• When asked how many days out of the past month (March 2006) their health had impacted them, 30% stated more than 4 days.


  • Racism, Discrimination & Physical Safety

  • 83.5% of respondents stated that they had not faced any racism or discrimination since their arrival.

  • Only a minority (12.5%) reported some form of racism or discrimination.

  • Of the clients who did report racism or discrimination:

    • 74% had been subjected to verbal abuse,

    • 21% had faced physical violence, and

    • 5% did not wish to comment.



3. Present and Future Trends

  • Emergence of “at risk” multi-barrier low income ethnic enclave

  • Increase in medically compromised clients

  • Pro-tracked stays in refugee camps

  • Little or no formal education experiences

  • Higher rates of illiteracy

  • 21% (April-June’08) & 34% (July-Sept.08) GARs are special need cases


Present and future trends cont d
Present and Future Trends – cont’d

  • Langley has become a new destination (2007 – 18% of all GARs)

  • Richmond – settlement of the first group of Karen GARs

  • Increase percentage of children and youth – currently 47+% under 18 years


Present and future trends cont d1
Present and Future Trends – cont’d

  • Arrival of Bhutanese refugees – beginning March 2009 for the next 3+ years

  • Increase arrivals of refugees from Asia who have been in protracted refugee camp situations


Present and future trends cont d2
Present and Future Trends – cont’d

  • Increase settlement to Fraser Region – 2007 - 78% of all GARs

  • Creation of multi-barrier low-income ethnic enclaves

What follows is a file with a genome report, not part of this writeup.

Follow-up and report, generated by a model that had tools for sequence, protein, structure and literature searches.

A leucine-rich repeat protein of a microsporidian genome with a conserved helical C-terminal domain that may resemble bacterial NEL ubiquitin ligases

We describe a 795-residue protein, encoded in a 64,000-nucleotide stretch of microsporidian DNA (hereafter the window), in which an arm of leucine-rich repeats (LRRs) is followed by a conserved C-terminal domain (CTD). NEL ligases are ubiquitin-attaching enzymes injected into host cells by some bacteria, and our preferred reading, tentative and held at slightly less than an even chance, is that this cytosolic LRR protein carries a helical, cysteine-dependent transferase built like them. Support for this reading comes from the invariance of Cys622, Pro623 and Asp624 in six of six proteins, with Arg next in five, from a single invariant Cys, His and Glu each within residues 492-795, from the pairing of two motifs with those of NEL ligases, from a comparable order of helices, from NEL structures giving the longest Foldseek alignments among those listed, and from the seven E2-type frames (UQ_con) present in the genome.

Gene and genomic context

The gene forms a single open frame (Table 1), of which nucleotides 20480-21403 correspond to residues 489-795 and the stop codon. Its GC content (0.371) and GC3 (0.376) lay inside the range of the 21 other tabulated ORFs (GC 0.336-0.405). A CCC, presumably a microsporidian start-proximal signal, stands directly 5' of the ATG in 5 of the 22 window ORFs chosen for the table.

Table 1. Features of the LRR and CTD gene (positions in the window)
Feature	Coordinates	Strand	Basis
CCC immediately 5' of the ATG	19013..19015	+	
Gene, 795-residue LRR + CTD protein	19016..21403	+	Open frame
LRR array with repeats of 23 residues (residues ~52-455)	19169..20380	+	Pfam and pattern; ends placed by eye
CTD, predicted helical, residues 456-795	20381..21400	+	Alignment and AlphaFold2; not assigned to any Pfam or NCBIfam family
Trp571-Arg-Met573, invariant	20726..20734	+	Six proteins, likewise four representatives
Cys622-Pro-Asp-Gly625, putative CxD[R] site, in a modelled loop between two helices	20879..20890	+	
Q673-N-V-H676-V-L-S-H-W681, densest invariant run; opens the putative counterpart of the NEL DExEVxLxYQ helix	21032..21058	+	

Present and future trends cont d3
Present and Future Trends – cont’d

  • Significant increase since IRPA (June 2002) in special need cases

  • Increasing numbers of at risk isolated families

  • Disconnect between CIC policy and program goals is putting tremendous strain on service delivery system


Present and future trends cont d4
Present and Future Trends – cont’d

  • BC and Federal RAP Income Support rates are driving one of the most vulnerable newcomer populations into abject poverty

  • Started in 2007 and for the next decade we will receive significant numbers of government-assisted refugees from Asia (Karen, Rohingas, Chen, Bhutanese). None of these communities have any significant pre-existing populations in BC


Present and future trends cont d5
Present and Future Trends – cont’d

  • Refugee youth are not prepared for the Canadian school system and vice versa

  • Our current service delivery models and interventions do not work particular well since IRPA

  • Agency front-line staff are being called to tackle growing client issues without appropriate training standards


4 suggested action plan
4. Suggested Action Plan

  • Multi-jurisdictional approach is required to support better GAR settlement outcomes

  • ELSA allowable instructional hours need to be reviewed to allow illiterate students more time to learn English

  • Bring back transportation subsidizes within ELSA for low-income students


Suggested action plan cont d
Suggested Action Plan – cont’d

  • Provincial - increase daycare spaces at all levels of ELSA

  • Provincial - multi-barrier two-year pilot program – positive step forward - we need new innovative approaches

  • Provincial - enhance the Community Bridging Program to allow all GARs the choice of a Host volunteer


Suggested action plan cont d1
Suggested Action Plan – cont’d

  • MHSD – Income Support Rates need to be reviewed in light of growing poverty and at risk homelessness

  • MHSD - Policy change needed to allow people to work without having any earned funds deducted dollar for dollar

  • MHSD – allow GARs to learn English without putting pressure on them to look for employment


Suggested action plan cont d2
Suggested Action Plan – cont’d

  • CIC – Review & revision of RAP based on the current characteristics of GARs

  • Change the transportation loan program to a grant program

  • CIC - Detach the RAP income support rates from MHSD

  • CIC – Provide some English language training and better pre-departure orientation overseas

  • CIC – Provide sufficient resources for Life Skills Support programs